Using V-Ray RT has some advantages, and of course some disadvantages, but thankfully the gap between it and the Production Renderer have shortned massively over recent releases. This means that RT is not simply a tool for quick preview renders anymore, but can actually be used as a full production renderer in and of itself.
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- [Voiceover] In its early days, or around beater and version one of the software, V Ray RT was typically thought of and even presented as a Fast Preview Renderer that could be used to speed up the look to phase of a project, the idea being that once approval on a scene was given, an artist could move into the production phase of the project using the V Ray production renderer. As the software gained more features, though, all of that started to change, and V Ray RT began to be promoted as an alternative production renderer in its own right.
It also, rather than being sold as a separate stand-alone piece of software, became an integrated part of the main V Ray render package. All good and well, I hear you say, but what exactly makes the RT version of V Ray different from the production renderer, and why might I want to use it? Well, one of the big differences between RT and the production engine is the fact that RT's actually a path trace renderer, meaning it uses a set of algorithms that are designed to compute lighting in a 3D scene in a matter that is as faithful as possible to the way in which the physics of light work.
To do this, the engine computes the level of illuminance that arrives at every given point on a geometric surface. It then modifies its collected data by applying any one of a number of service and/or volume reflectants and absorption distribution functions, thereby determining how much light needs to be bounced, scattered, refracted, and so on. These processes, when combined with physically accurate models of surfaces, accurate models of light source behavior, and optically correct camera models, can produce still images that are oftentimes very much indistinguishable from genuine photographs.
In fact, path tracing, by default, naturally simulates a lot of the effects that typically have to be specifically added to a render when using more conventional, i.e., ray trace or scan line, computation methods. These effects can include soft shadows, depth of field, motion blur, caustics, ambient occlusion, and so on. The problem, of course, is that all of this cool functionality doesn't come cheaply, although in this instance the currency isn't money but rather time. Path trace engines and especially those that use completely unbiased algorithms are notoriously slow when compared to their much more tweakable ray trace and scan line counterparts, which nicely brings us to yet another big difference between V Ray RT and the production engine, namely, the fact that RT can be used as either a CPU or GPU based renderer.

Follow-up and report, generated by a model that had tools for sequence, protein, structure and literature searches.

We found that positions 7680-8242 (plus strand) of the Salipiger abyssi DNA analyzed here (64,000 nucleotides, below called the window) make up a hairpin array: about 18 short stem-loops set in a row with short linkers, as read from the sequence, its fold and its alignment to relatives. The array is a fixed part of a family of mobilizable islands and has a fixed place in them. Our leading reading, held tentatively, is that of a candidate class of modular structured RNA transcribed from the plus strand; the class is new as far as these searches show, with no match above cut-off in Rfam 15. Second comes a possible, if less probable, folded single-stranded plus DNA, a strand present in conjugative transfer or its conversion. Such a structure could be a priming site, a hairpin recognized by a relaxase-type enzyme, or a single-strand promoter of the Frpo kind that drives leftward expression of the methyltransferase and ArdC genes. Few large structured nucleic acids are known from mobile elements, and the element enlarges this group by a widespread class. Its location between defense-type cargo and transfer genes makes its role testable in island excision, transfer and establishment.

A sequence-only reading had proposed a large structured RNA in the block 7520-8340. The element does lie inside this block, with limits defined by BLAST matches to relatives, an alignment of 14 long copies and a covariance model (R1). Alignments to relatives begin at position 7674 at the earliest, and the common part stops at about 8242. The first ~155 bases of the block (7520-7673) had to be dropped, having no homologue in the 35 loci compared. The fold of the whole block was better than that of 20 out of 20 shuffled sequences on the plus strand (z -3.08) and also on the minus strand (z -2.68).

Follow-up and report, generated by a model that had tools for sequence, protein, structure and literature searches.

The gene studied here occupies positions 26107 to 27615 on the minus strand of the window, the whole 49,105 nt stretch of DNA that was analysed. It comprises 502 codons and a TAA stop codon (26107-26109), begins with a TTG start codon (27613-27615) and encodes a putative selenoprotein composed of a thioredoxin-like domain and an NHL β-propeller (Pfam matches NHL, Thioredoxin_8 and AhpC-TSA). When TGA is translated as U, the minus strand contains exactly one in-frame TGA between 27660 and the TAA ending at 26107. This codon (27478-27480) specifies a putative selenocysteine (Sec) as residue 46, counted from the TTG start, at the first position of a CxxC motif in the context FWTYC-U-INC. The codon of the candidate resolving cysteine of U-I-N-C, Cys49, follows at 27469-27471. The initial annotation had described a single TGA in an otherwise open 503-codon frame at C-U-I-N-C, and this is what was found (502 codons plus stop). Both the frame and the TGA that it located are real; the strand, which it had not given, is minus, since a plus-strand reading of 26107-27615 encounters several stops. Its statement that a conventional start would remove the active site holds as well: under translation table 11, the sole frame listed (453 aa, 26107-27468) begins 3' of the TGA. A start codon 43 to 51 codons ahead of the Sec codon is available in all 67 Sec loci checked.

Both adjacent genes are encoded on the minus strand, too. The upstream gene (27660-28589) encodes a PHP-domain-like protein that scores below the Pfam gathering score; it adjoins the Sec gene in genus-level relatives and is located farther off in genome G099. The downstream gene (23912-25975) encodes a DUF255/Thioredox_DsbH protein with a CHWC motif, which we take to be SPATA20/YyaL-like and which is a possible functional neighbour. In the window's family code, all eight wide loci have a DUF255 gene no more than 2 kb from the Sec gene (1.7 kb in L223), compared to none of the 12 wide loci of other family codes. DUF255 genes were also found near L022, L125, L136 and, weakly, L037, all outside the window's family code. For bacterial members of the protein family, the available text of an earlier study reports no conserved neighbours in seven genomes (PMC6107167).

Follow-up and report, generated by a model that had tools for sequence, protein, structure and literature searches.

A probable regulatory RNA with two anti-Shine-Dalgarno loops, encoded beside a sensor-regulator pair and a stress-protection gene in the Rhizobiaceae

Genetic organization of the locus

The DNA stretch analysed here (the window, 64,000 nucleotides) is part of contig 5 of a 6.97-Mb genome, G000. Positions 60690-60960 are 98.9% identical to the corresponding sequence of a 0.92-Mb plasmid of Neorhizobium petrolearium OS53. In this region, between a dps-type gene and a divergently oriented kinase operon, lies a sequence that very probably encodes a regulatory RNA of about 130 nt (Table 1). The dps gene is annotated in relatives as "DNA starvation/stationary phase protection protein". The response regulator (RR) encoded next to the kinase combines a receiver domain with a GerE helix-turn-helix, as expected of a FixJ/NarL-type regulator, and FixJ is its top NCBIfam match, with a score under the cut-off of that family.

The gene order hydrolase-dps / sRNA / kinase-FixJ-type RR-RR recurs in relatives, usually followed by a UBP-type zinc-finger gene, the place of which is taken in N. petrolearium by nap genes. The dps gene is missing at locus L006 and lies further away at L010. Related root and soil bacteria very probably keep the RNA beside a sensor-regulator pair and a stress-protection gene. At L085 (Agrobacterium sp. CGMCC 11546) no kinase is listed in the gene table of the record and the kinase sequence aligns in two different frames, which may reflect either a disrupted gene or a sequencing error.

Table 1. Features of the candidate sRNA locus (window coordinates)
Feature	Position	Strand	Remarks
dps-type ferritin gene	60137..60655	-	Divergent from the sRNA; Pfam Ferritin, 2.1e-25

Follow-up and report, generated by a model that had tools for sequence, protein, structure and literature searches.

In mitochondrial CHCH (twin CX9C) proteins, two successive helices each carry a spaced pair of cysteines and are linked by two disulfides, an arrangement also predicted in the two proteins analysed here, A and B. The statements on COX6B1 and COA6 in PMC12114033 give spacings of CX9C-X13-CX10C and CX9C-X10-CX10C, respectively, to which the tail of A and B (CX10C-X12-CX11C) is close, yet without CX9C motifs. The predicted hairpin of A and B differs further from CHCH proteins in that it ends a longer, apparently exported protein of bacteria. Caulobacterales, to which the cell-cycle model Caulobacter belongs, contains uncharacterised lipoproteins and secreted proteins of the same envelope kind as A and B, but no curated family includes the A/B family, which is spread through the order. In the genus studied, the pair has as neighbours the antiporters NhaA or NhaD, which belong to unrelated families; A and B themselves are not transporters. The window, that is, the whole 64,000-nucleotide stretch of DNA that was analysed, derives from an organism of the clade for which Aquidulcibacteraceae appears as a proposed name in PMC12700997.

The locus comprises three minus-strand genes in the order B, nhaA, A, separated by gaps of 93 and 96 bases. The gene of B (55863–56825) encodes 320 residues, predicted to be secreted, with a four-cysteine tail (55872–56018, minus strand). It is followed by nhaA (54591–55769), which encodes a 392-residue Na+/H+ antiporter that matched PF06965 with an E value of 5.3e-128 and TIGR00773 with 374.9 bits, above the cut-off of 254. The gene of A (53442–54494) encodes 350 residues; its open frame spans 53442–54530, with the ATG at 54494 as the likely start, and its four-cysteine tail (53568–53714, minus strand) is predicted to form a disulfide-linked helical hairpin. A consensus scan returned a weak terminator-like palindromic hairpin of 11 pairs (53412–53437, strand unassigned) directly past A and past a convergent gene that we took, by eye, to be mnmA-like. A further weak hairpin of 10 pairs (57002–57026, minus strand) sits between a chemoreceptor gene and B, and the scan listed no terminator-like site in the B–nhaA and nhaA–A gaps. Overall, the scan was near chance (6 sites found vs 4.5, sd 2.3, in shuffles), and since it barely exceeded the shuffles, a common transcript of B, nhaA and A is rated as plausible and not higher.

And of course, with rendering on the GPU, we sometimes get a massive increase in terms of render speed. Before going ahead and switching all projects over to GPU-based rendering, though, do be sure to check out the CPU versus GPU video in this chapter, as there are a number of restrictions and potential gotchas that we will need to be aware of. So who exactly should use V Ray RT? Well, anyone, really, who needs or wants to create photographic realism in their renders. This would include, but of course is not limited to, artists working in product and/or architectural visualization, artists who create broadcast or feature film effects, especially those who regularly need to match CG renders to live-action plates.
In fact, we could say anyone, really, who needs to create what I like to refer to as photographic-looking renders. Indeed, as you watch or work through this course, you will hopefully be able to see just where in your own production pipeline V Ray RT should be able to fit. All that having been said then, let's move forward and take a look at how we go about accessing the RT engine inside of 3DS Max 20016.
- What is V-Ray RT?
- Using RT as an ActiveShade renderer
- Taking the options further
- Setting up a V-Ray RT project in 3ds Max
- Adding geometry and cameras
- Creating animation with V-Ray RT
- Setting up a particle system and deflectors
- Adding lighting
- Texturing and adding materials
- Adding render elements
- Adjusting render element parameters
- Compositing in After Effects